With impending NHS dental system reform just published and the oral healthcare service delivery issues highlighted by the Covid-19 pandemic, there is a clear need for emphasis to be placed on a personalised prevention based approach to minimum intervention oral healthcare delivery by all members of the primary care oral healthcare team, to maintain life-long oral health in individuals and populations, in the UK and globally.Professor Avijit Banerjee
05 December 2022
Minimum intervention oral care developments explored in panel event
Professor Avijit Banerjee and an expert panel discussed the benefits of learning and practising minimum intervention oral healthcare, as well as the opportunities that stem from it
Earlier this year, the Faculty of Dentistry, Oral & Craniofacial Sciences hosted a keynote panel event on developments in minimum intervention oral care (MIOC) delivery. The event focused on the renewed emphasis on MIOC and its related career pathways for all primary care team members.
MIOC is a personalised approach to oral care and takes care to manage patients' needs, desires and expectations. A combination of team delivery and patient-focused care help maintain long-term oral health with preventive, behaviour-related care plans.
Chairing the session was Avijit Banerjee, Professor of Cariology & Operative Dentistry in the Centre for Oral, Clinical & Translational Sciences. Expert guests taking part on the panel included Dr Abhi Pal, President of the College of General Dentistry; Dr Sara Hurley, Chief Dental Officer for England; Ms Amanda Gallie, past president of the British Association of Dental Therapists; and Dr Len D’Cruz, Head of Indemnity at the British Dental Association.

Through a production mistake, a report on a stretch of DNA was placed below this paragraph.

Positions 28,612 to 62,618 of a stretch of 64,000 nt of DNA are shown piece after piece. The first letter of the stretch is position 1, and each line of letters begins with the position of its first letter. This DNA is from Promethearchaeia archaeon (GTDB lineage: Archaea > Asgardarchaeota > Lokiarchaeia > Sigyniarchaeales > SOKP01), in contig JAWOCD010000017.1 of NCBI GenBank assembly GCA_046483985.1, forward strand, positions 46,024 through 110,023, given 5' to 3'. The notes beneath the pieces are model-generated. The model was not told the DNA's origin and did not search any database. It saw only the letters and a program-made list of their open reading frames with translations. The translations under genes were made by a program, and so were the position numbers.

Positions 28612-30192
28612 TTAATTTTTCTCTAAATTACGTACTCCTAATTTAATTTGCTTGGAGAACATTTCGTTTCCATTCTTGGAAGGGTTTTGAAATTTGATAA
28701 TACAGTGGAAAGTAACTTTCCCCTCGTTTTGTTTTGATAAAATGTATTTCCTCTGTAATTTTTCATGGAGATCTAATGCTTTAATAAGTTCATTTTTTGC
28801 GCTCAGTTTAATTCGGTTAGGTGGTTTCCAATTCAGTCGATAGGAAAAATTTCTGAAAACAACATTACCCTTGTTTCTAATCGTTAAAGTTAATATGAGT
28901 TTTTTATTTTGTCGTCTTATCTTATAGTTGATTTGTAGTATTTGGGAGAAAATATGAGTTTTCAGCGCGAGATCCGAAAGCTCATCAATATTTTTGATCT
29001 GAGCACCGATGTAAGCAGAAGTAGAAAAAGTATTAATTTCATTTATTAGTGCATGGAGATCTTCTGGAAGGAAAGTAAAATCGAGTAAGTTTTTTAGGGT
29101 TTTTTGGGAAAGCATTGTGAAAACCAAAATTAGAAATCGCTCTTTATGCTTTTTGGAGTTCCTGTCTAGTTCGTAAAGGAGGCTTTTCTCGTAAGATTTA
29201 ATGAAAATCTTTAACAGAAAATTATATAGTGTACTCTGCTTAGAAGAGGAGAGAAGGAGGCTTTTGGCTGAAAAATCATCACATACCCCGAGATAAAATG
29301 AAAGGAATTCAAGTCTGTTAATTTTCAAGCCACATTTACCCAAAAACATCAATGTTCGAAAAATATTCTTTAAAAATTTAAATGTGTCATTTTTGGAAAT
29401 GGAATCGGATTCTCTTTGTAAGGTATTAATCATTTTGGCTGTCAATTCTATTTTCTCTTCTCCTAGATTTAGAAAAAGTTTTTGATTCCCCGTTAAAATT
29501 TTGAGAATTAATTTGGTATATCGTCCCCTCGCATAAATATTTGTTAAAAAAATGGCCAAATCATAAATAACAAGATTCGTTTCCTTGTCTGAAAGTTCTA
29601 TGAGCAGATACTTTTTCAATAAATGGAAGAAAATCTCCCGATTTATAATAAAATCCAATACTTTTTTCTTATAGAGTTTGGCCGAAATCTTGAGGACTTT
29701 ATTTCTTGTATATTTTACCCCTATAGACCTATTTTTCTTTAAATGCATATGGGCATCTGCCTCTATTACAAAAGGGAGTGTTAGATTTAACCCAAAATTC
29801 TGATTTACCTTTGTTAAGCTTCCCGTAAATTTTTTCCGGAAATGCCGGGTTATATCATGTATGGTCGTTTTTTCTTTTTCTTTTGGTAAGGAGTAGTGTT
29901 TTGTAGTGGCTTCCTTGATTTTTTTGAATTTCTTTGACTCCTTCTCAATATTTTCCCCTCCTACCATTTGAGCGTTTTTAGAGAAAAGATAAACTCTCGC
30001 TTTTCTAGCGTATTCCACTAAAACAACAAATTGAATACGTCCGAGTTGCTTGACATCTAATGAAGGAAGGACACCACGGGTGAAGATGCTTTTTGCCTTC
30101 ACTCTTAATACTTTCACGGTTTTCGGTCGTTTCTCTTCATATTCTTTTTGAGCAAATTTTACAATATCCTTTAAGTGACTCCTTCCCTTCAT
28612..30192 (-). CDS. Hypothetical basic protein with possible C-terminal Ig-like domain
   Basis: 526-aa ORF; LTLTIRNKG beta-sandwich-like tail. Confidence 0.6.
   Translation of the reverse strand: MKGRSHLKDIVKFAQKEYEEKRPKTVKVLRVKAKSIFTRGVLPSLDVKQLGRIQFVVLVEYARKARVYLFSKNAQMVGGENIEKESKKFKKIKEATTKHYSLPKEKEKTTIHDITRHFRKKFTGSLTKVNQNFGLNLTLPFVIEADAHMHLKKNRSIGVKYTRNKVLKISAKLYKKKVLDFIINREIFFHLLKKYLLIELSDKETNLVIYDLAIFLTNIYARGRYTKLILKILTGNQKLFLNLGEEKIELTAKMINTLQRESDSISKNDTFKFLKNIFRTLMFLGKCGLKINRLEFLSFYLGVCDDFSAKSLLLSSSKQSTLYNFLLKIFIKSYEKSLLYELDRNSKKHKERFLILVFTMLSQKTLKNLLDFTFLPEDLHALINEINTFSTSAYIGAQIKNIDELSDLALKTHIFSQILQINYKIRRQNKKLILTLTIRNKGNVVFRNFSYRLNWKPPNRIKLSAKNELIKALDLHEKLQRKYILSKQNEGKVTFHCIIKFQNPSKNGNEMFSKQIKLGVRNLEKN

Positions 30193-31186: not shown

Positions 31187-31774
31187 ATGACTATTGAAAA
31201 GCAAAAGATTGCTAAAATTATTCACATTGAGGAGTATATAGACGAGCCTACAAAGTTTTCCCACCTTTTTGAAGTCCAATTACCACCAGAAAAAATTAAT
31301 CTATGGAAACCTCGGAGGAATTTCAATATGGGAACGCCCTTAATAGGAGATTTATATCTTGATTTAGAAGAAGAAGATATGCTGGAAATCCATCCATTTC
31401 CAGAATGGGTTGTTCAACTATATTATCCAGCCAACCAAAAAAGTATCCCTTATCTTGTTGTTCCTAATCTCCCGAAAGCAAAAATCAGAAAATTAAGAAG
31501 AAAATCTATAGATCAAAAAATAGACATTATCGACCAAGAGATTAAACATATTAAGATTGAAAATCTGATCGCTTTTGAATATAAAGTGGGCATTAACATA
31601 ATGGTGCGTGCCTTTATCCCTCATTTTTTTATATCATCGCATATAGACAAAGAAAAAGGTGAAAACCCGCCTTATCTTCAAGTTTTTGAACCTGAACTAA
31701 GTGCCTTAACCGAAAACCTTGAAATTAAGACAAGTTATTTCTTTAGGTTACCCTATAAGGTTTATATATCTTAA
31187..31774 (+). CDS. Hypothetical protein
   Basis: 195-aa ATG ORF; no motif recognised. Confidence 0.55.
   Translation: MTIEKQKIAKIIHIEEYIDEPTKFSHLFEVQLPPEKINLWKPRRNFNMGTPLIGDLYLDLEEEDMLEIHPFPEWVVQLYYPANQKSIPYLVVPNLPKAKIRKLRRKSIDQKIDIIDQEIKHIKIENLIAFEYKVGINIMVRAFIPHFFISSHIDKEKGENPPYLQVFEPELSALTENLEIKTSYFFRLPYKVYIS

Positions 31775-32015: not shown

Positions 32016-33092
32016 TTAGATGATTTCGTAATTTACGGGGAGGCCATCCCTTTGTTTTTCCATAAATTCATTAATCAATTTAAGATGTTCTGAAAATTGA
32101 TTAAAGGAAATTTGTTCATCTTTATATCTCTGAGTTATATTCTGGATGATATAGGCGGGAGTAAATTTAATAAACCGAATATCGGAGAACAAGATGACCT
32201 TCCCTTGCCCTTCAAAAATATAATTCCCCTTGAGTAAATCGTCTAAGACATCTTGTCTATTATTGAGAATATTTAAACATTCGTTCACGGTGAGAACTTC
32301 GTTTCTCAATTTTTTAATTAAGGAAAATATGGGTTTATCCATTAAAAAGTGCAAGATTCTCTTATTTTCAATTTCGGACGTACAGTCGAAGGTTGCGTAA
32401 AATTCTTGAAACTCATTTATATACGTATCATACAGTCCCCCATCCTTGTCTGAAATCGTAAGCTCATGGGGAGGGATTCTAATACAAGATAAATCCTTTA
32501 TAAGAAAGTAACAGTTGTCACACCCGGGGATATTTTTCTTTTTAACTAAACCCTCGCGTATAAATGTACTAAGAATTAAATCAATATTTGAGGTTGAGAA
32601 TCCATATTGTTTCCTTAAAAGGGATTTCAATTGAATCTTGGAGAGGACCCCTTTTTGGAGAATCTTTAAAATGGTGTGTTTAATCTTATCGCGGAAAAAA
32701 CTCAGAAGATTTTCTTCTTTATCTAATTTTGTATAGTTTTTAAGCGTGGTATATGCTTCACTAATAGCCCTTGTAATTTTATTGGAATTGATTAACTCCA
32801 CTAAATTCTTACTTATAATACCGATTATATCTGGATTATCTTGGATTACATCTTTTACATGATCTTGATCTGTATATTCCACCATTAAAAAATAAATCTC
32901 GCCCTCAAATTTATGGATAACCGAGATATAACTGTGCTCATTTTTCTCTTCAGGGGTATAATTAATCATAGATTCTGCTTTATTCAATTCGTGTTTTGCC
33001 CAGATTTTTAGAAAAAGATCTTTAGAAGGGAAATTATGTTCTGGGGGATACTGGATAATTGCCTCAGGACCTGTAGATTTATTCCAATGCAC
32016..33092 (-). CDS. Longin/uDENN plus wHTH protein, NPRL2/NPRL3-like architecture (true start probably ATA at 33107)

Over the course of the event, the panel discussed some of the issues surrounding MIOC.
Dr Abhi Pal discussed the career pathways framework for the primary oral care team, including the College of General Dentistry’s certified membership scheme framework, to enable a structured career progression pathway for primary care practitioners and team members.
Ms Amanda Gallie talked about the importance of implementation of MI oral healthcare for the primary care oral health team, and her experience of studying and graduating from the Advanced Minimum Intervention Restorative Dentistry (AMIRD) MSc at King’s.
The importance of prevention-based oral care delivery through phased courses of treatment was emphasised by Dr Sara Hurley. She explored how the MIOC philosophy and minimally invasive dentistry underpin the values of NHS oral care delivery now and into the future of dental system reform.
Dr Len D’Cruz talked about the lessons learnt from the blended contracts that ran in primary care dental practices during the past decade. This has helped to inform NHS dental system reform, with an improved focus on prevention-based care.
Exploring these issues, potential pragmatic solutions were debated by the experts on the panel, outlining the necessary clinical and contracting policy developments for prevention-based phased care and its wider implications in society, as well as the revolutionary opportunities for experience based primary care team career progression from the College of General Dentistry.
This discussion highlighted the benefits of postgraduate training, including the blended learning AMIRD MSc at King’s, which is designed for dentists and dental therapists working in primary care, and can be linked to the CGDent career pathways framework and their competency domains.